To allow you to work with persistent, shared data in a distributed application, PowerBuilder provides support for shared objects. Shared objects are user objects that can be shared by multiple client connections.
Shared objects provide significant benefits to both distributed PowerBuilder applications and Internet applications that use Web.PB. Shared objects allow you to:
- Provide convenient access to common data that would otherwise need to be retrieved separately by each client connection
- Reduce the number of database accesses, freeing the database server for other processing
- Maintain state information in Web.PB applications
To allow multiple client applications to share a single object, the server application performs these operations:
- Invokes the SharedObjectRegister function to register a named instance of the object.
- Invokes the SharedObjectGet function to get an object instance that is a reference to the shared object.
The server can perform these operations in its main thread or inside of a client session. The server application does not need to issue a CREATE statement for the shared object. When the server calls the SharedObjectRegister function, PowerBuilder automatically creates the shared object instance.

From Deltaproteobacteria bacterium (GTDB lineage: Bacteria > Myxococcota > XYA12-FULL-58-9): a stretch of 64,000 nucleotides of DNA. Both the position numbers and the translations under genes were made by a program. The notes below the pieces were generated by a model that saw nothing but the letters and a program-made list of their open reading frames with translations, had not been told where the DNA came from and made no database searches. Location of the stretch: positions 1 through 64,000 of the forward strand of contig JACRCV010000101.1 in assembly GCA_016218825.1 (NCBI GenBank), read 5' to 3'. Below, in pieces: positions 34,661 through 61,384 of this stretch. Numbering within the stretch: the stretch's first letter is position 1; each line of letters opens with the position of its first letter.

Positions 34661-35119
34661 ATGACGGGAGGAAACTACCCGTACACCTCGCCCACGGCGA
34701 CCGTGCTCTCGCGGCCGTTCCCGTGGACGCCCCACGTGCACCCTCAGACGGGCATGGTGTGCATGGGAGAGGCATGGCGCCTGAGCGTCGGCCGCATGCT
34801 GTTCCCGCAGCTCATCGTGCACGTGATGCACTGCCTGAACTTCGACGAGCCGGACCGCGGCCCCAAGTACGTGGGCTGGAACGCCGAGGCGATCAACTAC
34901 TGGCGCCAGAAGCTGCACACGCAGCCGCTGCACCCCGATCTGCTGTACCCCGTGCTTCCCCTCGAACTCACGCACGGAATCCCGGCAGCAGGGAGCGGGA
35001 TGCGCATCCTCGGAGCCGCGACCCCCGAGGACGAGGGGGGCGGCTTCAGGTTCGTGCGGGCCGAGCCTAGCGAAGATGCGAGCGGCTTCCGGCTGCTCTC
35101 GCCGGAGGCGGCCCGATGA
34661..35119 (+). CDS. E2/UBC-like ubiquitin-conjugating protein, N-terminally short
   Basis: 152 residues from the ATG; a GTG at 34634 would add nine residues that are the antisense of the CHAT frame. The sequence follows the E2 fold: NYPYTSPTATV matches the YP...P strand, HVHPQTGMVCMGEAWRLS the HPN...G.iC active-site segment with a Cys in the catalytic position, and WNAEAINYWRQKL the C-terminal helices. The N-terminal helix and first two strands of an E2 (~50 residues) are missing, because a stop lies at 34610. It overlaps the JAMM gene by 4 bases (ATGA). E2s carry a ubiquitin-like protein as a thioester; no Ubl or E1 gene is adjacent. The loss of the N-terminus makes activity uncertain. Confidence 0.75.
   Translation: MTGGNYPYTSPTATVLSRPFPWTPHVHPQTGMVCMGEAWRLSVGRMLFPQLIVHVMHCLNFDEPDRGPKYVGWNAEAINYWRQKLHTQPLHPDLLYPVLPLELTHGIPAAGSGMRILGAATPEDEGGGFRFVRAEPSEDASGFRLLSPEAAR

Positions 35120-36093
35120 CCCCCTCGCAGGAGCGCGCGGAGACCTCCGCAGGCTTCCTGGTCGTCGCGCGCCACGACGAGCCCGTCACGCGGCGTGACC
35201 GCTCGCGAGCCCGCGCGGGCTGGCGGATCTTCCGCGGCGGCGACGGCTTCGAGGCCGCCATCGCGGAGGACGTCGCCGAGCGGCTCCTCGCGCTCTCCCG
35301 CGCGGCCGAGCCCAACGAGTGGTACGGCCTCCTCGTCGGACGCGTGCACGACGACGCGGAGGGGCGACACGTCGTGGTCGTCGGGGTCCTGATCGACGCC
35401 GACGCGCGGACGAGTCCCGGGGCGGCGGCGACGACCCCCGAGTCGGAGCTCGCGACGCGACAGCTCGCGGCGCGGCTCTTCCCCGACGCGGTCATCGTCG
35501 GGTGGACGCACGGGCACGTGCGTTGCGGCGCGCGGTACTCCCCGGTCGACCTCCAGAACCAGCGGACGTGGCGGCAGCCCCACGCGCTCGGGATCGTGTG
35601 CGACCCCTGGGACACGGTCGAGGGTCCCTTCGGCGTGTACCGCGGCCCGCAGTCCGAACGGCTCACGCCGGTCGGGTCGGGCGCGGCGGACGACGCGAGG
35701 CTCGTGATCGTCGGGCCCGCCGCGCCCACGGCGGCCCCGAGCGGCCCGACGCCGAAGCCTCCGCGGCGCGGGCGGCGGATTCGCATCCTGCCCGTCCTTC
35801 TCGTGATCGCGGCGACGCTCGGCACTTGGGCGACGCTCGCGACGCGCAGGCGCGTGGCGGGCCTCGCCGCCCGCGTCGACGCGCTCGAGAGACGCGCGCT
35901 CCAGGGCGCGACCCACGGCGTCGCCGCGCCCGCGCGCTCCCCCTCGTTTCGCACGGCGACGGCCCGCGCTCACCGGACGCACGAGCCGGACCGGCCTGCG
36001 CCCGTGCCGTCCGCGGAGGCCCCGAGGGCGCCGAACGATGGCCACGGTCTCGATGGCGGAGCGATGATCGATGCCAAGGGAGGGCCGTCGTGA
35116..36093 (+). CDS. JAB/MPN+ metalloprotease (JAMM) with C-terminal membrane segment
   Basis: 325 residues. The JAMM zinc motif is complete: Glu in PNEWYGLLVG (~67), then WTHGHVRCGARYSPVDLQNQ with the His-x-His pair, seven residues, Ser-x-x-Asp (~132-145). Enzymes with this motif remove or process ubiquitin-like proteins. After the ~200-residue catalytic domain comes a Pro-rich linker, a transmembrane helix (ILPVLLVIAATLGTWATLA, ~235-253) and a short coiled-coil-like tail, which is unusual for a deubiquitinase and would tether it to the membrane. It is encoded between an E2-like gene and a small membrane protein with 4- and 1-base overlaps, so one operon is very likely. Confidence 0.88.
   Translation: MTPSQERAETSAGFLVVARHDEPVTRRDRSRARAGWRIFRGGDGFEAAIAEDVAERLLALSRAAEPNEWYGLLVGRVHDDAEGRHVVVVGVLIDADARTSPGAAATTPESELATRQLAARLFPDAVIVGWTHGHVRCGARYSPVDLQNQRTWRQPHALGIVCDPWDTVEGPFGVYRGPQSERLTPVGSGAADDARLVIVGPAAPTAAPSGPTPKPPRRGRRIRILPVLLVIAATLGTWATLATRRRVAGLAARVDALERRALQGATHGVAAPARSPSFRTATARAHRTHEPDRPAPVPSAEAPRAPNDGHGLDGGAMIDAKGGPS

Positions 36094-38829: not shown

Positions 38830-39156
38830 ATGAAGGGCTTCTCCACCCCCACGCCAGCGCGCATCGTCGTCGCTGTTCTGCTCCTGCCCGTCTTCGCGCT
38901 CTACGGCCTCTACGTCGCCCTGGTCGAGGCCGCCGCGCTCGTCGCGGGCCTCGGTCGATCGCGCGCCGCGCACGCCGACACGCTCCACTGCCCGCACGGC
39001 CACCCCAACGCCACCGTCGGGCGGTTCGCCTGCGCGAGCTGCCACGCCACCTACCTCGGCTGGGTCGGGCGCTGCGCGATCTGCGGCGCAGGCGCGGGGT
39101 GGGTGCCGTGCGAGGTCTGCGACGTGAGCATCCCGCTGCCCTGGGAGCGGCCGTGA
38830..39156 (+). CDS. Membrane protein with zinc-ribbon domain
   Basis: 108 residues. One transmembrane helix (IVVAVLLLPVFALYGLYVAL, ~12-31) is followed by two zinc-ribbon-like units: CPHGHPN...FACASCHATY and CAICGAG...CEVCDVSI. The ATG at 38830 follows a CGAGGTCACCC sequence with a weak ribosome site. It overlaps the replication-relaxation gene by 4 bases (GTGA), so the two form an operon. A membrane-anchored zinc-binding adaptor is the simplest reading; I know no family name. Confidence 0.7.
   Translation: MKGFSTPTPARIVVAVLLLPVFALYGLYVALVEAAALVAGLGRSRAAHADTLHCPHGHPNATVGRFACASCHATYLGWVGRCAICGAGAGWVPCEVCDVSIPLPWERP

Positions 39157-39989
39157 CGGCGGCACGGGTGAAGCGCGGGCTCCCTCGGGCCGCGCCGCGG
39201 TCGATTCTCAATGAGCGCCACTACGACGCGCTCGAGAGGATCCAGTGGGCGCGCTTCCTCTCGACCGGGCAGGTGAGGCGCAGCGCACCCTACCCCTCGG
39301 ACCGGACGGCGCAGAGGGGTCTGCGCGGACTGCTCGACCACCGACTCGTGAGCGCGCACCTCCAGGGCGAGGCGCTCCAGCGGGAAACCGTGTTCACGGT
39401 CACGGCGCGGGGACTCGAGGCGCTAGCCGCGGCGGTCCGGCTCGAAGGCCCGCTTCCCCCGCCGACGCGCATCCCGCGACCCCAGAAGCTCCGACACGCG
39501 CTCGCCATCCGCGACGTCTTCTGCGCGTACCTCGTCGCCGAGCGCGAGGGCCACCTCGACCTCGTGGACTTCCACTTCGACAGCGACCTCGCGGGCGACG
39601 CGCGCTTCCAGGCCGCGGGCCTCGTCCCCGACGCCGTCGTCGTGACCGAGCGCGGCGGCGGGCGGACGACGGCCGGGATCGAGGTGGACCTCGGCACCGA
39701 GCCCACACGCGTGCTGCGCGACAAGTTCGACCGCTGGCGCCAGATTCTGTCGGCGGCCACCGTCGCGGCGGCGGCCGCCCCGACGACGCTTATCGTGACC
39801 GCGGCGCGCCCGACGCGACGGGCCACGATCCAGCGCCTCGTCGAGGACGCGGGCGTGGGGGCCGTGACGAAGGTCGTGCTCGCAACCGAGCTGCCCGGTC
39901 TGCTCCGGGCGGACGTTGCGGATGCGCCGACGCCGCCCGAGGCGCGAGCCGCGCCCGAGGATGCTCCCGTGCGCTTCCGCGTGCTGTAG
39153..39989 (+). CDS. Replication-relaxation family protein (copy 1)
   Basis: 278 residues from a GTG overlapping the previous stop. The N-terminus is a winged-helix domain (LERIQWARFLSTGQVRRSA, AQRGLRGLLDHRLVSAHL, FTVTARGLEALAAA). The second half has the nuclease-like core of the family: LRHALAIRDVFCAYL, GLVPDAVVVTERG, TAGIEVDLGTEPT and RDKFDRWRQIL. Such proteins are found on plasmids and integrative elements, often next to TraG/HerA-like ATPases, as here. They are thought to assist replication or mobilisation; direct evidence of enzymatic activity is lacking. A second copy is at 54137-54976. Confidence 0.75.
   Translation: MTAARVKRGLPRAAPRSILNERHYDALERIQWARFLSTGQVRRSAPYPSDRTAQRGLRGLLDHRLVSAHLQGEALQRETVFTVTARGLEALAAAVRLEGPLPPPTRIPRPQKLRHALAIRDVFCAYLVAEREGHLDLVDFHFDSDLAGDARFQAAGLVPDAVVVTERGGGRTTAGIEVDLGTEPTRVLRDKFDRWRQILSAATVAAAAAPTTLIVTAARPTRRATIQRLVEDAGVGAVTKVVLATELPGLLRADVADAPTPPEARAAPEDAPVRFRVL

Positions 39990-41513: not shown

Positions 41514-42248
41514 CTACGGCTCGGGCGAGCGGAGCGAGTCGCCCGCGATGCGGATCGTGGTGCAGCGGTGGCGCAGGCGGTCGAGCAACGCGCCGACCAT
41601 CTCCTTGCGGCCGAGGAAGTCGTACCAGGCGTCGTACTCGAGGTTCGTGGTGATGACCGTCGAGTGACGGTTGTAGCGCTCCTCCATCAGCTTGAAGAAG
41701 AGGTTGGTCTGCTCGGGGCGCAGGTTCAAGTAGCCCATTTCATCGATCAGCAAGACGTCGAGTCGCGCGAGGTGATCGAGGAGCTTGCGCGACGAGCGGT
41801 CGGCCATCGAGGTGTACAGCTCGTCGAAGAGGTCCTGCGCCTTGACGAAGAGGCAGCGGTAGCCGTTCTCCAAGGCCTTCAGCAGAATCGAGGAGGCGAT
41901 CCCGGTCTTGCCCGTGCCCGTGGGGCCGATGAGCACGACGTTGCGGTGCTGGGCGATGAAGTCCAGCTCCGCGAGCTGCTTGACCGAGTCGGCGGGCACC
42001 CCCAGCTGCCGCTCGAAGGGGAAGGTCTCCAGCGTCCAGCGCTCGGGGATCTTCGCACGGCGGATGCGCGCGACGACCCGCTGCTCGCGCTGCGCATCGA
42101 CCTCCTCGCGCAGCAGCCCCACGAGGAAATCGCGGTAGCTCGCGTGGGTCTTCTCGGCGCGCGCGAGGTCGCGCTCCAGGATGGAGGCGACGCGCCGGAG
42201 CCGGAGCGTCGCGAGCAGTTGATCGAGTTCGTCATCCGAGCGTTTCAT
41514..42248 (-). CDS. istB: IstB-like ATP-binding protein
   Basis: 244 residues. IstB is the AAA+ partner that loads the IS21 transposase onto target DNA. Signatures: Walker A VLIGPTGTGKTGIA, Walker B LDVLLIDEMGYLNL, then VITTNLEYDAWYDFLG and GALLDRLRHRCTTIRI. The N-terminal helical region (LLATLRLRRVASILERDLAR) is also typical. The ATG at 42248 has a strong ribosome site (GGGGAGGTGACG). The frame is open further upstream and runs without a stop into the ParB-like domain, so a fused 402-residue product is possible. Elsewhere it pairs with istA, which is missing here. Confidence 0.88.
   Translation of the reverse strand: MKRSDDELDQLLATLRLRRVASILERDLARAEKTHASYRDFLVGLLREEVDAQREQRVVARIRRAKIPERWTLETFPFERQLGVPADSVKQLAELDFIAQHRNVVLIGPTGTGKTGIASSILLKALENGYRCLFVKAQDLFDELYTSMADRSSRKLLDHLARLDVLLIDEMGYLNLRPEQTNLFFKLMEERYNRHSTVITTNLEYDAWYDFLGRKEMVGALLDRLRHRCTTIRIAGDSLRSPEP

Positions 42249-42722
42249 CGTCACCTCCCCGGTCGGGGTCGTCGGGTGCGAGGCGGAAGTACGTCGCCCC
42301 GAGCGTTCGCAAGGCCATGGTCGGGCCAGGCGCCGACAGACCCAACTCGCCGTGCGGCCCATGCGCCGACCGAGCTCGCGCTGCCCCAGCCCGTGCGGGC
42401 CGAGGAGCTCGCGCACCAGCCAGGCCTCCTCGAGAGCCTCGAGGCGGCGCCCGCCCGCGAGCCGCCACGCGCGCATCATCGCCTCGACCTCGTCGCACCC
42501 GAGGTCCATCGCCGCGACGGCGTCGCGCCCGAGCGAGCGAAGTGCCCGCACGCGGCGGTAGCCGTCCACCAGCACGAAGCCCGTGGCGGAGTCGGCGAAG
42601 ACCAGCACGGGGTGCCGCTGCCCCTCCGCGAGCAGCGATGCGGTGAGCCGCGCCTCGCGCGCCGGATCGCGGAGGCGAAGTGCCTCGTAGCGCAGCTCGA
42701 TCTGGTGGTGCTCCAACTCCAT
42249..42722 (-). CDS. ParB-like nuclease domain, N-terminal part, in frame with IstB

Shared objects are accessible only from the server's main session and from the client sessions created for each client connection on the server. Client applications cannot access a shared object directly. To access a shared object, a client needs to communicate with a remote object that delegates work to the shared object. Often the remote object has an instance variable that provides a reference to the shared object.
Once the server has registered the shared object instance and retrieved a reference to the object, client applications can call the methods defined for the shared object by interfacing with the remote object, which in turn passes requests on to the shared object. The remote object has methods that provide indirect access to the methods of the shared object. Typically, these methods have the same names as the methods defined for the shared object.
The data types that are permitted for the arguments and the return value of a shared object method are the same as for a remote object method.
The following functions have been added for shared objects:
For more information
For more information about shared objects, see the following topics:
What happens at execution time
Example of using a shared object